Arsenal had arranged no end of season tour, but they had arranged a pre-season game, which they apparently could not get out of, and so did not play in the Charity Shield the following August.
The club was only the fourth in English football history to do the double. The other clubs were
- Preston NE 1889
- Aston Villa 1897
- Tottenham Hotspur 1961
Since then of course Arsenal have of course repeated the achievement twice more.
Elsewhere in football, Tottenham gained tiny amount of consolation for their end of season humiliation by winning the league cup, Leeds as we have noted won the Fairs Cup and Chelsea won the Cup Winners Cup.
There was also an oddity this season: the Ford Sporting League. For this trophy clubs were awarded a point for every goal scored at home and two points for every goal scored away, but lost 5 points if a player was booked and 10 points if a player was sent off. Points were earned and lost across the league season with all league clubs being part of the event. However as the 3rd and 4th divisions played more matches only the first 42 league matches for those leagues counted. Oldham won the league and picked up £70,000 – the equivalent of around £1m in 2015 finances.
In 2015 the Daily Mirror ran an article on the Ford League and endeavoured to work out who would have won it in the 2014/15 season. And the problem they found was that not a single club would have ended up with a positive score, the winner being Bristol City with -109 points. That is minus 109.
The problem of course is that while the number of goals hasn’t changed that much, the number of sendings off and bookings has escalated. In the 1970s they were very rare indeed – now of course we expect three or four yellow cards a game.
However this sponsorship was part of the very first moves into such financing of football by outside agencies, for also on the scene for 1970/1 was the Watney Cup (a knockout competition between the top scoring teams of the previous season who had not won promotion or got into Europe) and the Texaco Cup (in which 16 teams from England and Scotland which had not qualified for Europe took part). It is a reflection on the times that teams from N Ireland and Ireland were invited, accepted and then withdrew because of political pressures. As a result this later became the Anglo-Scottish Cup.
Then, in a move that wasn’t noticed at the time on 11 June 1971 Liam Brady joined Arsenal as apprentice professional from St Kevin’s Boys, aged 15. He turned pro two years later.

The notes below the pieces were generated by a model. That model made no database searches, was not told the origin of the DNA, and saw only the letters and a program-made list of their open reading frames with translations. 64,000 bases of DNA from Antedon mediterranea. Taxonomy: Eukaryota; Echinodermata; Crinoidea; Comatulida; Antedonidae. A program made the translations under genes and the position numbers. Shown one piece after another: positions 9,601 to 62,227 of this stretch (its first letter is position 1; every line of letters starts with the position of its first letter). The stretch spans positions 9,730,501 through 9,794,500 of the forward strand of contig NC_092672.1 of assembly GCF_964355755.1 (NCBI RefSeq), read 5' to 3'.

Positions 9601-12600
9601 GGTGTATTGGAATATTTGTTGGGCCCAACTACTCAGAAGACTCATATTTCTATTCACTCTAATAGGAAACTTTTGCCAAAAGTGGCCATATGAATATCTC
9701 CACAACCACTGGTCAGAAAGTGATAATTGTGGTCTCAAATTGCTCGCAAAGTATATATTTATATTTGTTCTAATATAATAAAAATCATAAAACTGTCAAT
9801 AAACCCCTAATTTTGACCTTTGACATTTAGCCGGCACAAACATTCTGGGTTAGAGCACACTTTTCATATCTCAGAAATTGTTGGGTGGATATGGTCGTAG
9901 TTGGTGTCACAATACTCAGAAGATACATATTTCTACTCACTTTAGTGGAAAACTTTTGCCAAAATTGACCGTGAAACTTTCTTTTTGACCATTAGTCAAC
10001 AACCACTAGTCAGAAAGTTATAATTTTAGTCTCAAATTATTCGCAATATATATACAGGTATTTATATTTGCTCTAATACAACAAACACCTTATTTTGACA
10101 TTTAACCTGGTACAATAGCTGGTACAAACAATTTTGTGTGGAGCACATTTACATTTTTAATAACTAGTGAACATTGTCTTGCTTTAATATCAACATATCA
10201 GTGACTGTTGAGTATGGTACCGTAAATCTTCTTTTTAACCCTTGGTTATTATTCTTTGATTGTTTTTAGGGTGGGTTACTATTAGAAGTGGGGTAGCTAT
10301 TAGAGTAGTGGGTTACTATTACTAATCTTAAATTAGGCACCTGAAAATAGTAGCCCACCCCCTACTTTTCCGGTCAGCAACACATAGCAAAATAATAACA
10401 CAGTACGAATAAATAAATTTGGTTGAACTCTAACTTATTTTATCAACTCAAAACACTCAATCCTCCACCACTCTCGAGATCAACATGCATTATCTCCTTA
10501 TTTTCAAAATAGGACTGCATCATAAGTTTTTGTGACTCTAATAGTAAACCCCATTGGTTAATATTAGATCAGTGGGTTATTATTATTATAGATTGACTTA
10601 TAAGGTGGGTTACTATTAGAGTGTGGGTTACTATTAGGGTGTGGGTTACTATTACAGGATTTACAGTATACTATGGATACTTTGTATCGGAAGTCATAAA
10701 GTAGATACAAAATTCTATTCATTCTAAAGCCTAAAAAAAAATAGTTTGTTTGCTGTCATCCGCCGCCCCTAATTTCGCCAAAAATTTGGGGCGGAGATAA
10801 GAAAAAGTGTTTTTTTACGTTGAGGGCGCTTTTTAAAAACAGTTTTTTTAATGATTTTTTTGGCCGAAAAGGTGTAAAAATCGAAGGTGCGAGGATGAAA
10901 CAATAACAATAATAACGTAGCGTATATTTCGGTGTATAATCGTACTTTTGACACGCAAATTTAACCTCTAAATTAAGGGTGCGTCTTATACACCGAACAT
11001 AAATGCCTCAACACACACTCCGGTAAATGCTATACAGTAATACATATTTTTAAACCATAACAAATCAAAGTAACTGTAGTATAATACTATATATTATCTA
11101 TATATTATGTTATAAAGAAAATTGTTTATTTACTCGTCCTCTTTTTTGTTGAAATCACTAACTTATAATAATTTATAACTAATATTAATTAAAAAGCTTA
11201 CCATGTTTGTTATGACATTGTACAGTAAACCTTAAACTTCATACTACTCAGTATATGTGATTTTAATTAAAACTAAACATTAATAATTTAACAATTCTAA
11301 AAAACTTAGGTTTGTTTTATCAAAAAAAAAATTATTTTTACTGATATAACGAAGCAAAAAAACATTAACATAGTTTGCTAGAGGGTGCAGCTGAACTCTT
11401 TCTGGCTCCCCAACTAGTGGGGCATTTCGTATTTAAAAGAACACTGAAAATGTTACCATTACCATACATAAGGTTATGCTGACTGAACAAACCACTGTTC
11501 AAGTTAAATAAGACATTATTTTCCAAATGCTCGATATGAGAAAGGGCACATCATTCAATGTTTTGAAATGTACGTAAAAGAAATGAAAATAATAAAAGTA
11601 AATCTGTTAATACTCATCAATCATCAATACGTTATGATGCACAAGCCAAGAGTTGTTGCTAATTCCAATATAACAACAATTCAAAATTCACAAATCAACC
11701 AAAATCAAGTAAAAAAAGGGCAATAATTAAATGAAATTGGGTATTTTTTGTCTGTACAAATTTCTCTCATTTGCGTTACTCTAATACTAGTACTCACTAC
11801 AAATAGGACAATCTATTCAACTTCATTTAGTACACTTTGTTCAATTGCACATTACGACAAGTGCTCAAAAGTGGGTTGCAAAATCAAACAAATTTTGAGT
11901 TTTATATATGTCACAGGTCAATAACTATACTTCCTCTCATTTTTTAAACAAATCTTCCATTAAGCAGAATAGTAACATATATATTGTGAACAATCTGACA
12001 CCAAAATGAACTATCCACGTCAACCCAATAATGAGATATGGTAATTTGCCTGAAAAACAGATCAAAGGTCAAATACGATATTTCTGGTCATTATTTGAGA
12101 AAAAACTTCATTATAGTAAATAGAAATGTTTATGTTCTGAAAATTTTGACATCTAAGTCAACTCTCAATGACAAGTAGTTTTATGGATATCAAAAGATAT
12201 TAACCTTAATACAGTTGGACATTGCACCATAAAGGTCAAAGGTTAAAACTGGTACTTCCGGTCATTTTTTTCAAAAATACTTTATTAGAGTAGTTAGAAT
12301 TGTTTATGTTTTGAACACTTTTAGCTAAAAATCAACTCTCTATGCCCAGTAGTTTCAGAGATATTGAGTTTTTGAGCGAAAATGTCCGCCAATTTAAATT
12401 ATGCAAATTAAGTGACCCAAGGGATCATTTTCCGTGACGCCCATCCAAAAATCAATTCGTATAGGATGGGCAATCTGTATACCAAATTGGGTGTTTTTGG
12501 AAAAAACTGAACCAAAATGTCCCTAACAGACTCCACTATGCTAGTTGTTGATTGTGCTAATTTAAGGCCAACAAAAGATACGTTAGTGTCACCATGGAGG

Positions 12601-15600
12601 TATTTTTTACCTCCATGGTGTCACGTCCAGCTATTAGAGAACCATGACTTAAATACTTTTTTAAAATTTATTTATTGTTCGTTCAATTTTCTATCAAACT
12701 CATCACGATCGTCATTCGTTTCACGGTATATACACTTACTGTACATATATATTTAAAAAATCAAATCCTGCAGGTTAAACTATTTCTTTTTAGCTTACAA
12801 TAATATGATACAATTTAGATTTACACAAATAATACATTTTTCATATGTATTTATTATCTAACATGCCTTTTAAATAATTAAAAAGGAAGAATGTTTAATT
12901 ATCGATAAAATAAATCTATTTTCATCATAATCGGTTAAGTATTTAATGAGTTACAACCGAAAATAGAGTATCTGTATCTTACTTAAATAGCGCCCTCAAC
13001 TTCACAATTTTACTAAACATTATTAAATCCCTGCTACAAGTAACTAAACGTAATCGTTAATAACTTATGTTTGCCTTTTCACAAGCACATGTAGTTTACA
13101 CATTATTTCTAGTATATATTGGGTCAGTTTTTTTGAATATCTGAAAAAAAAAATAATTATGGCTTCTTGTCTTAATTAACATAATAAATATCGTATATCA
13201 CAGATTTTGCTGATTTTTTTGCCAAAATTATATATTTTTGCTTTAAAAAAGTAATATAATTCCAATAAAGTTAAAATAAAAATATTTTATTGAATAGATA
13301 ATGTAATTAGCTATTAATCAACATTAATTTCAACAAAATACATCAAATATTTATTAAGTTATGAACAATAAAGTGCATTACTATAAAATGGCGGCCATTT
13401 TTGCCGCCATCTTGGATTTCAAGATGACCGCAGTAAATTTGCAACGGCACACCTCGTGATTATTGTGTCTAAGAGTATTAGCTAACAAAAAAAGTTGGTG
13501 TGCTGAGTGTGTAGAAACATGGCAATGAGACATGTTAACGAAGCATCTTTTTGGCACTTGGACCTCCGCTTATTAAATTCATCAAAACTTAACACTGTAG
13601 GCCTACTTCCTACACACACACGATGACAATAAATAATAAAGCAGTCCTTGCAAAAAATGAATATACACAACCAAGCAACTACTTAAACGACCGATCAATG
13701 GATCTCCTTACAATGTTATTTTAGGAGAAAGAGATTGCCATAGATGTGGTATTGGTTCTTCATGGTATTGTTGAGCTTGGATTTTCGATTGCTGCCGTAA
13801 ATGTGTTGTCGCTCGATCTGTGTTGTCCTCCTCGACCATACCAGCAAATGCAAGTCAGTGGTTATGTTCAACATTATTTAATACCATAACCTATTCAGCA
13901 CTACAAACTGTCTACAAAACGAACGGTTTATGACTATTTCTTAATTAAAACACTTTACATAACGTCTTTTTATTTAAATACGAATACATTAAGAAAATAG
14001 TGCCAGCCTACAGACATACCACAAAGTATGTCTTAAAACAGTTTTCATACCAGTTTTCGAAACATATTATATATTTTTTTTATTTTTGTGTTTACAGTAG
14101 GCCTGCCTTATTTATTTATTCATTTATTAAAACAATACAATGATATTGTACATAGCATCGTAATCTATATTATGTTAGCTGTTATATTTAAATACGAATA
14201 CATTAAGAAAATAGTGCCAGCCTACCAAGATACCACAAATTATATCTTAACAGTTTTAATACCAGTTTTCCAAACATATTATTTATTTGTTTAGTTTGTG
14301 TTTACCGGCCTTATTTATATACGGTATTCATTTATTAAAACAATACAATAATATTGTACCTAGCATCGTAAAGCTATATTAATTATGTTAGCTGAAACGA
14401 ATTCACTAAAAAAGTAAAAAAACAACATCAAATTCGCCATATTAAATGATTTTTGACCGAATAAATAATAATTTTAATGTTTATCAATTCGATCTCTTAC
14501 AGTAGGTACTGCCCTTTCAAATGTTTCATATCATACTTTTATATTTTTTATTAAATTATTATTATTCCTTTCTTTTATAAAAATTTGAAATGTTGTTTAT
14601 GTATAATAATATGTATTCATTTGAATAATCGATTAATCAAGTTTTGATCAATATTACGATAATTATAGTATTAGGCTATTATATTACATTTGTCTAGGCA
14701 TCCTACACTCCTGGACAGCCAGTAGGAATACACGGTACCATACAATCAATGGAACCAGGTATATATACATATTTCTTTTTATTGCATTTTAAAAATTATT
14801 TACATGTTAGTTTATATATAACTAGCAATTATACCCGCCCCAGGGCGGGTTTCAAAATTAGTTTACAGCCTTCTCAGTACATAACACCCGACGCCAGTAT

On 29 June Don Howe left Arsenal having helped guide the club to the Double as first team coach. He moved on to WBA where he stayed until 1975 before a year at Galatasaray SK after which he returned to Arsenal as manager.
Just 16 players played for Arsenal in the league this season with one of those (Marinello) getting one start and one other, Sammy Nelson, getting two.
The goalscoring had returned big time with Kennedy getting 19, Radford 15 and Graham 11. George Armstrong was back on the scene as well, playing every single league match and scoring seven. The other members of the “42” club were Bob Wilson and Frank McLintock. Rice, Radford and Kennedy each played in 41 games.
Tottenham rather spoiled things by winning the Football Combination (the reserve league) with Arsenal second. But Arsenal also won the Youth Cup in 1971 in a two legged final against Cardiff. The Arsenal team included some interesting names, although perhaps not as many as we might have imagined…
|Jim de Garis
Terry Burton, who was the captain, didn’t play for Arsenal first team, and after not getting a professional contract in 1971 he joined Folkestone. But he did return to Arsenal in 2012 as head development coach. Paul Davis, Brian Hornsby, Brendon Batson, and David Price you will know.
And to complete the record, here are the directors of the club for this memorable season…
Denis Hill-Wood (Chairman), Guy Smith, Robert Bellinger, Stuart McIntyre, Noel Bone, Bob Wall (Secretary).
This article comes from the series Arsenal in the 70s which is published in full on this site.
For details of many other series on this site please see the home page of the Arsenal History Society